Investigators are starting to unravel the mystery of the massive computer hack of Sony Pictures Entertainment, even as North Korea denied it had anything to do with it.
Bloomberg reported the attackers’ digital footprint was traced to the high-speed network at Bangkok’s posh St. Regis hotel, and the hackers drilled in from there, but “whether from a guest room, a public area like the lobby or a separate location is unknown.”
Bloomberg said who the hackers were remains unclear, adding: “As cybersecurity experts sift through clues, many say the episode bears the hallmarks of DarkSeoul, a hacking group with suspected links to North Korea that struck South Korean banks and media companies in 2013.”
On Sunday, North Korea denied any responsibility for the attack, The New York Times reported. But the country also released a statement that the Times said “appeared to relish the cyberattack that crippled the computer systems of Sony, which is set to release a Seth Rogen-James Franco comedy involving a plot to assassinate its leader, Kim Jong-un.”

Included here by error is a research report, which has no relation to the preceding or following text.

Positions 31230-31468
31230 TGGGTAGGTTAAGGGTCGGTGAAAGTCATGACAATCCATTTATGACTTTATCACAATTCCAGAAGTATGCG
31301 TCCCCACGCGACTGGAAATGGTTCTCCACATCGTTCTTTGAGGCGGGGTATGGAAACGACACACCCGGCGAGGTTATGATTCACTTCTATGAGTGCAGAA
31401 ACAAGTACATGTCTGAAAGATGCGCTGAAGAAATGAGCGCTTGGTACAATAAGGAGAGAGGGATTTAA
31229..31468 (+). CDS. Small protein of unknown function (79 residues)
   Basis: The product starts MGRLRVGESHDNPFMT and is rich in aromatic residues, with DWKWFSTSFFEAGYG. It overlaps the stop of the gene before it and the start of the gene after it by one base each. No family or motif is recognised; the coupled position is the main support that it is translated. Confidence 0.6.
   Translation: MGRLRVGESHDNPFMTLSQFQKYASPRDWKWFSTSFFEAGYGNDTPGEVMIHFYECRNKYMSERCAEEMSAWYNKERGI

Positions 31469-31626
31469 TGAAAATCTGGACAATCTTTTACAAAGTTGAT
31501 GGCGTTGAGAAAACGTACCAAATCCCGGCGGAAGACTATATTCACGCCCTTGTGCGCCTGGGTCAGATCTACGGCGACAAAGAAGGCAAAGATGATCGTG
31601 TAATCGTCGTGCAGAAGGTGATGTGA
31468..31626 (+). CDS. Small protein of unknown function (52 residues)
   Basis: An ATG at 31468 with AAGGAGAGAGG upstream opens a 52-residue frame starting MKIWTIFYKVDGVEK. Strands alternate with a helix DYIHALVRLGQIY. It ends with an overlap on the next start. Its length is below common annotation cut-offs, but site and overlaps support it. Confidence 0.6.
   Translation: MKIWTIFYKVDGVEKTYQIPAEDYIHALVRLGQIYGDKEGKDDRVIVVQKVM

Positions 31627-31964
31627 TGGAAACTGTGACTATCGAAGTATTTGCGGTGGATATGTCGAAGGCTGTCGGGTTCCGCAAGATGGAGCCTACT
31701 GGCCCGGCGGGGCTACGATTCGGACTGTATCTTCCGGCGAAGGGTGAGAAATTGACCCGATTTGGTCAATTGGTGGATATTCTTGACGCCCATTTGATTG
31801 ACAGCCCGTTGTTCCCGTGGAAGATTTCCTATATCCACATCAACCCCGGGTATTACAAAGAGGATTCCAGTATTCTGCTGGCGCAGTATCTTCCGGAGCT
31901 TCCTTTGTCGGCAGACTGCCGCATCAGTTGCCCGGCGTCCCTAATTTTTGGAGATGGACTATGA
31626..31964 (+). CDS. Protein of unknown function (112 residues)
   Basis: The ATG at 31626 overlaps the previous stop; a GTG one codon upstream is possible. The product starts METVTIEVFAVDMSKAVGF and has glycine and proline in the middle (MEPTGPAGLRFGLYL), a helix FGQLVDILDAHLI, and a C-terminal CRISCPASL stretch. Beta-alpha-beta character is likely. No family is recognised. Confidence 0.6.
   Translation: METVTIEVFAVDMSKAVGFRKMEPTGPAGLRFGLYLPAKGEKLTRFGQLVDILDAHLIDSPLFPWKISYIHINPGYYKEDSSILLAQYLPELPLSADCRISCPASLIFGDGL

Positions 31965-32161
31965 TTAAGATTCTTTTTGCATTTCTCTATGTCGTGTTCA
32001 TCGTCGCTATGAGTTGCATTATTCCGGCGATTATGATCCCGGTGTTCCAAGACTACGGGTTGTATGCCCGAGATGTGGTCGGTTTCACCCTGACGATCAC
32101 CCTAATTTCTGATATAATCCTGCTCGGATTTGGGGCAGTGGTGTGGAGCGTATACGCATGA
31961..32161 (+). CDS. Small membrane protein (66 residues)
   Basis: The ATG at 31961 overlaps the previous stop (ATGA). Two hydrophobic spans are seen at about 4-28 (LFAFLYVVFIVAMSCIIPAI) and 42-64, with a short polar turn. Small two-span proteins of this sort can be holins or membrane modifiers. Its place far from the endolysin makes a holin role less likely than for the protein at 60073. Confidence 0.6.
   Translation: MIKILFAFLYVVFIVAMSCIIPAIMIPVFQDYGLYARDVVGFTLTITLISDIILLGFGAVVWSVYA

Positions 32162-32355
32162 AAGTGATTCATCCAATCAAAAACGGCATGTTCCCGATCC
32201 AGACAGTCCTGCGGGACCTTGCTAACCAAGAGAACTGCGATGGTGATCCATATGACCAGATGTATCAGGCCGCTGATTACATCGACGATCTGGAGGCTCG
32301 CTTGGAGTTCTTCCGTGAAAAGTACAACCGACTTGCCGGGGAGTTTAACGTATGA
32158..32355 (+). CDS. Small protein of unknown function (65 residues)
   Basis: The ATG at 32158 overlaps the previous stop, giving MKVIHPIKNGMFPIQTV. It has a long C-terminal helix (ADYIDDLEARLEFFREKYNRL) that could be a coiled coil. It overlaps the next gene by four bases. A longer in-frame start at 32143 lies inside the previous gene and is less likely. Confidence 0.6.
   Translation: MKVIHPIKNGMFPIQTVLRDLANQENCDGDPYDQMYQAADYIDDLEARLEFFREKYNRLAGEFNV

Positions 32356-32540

A spokesman for North Korea’s National Defense Commission was quoted by the country’s Korean Central News Agency as saying that Sony Pictures is producing “a film abetting a terrorist act while hurting the dignity of the supreme leadership.” He also speculated the attack “might be a righteous deed of the supporters and sympathizers with” North Korea, as it seeks to end U.S. imperialism, the Times reported.
Meanwhile, Rogen and Franco made fun of the whole episode on NBC’s “Saturday Night Live,” showing the audience “leaked” photos of them cuddling shirtless, a la John Lennon and Yoko Ono.
Here’s Franco’s opening monologue: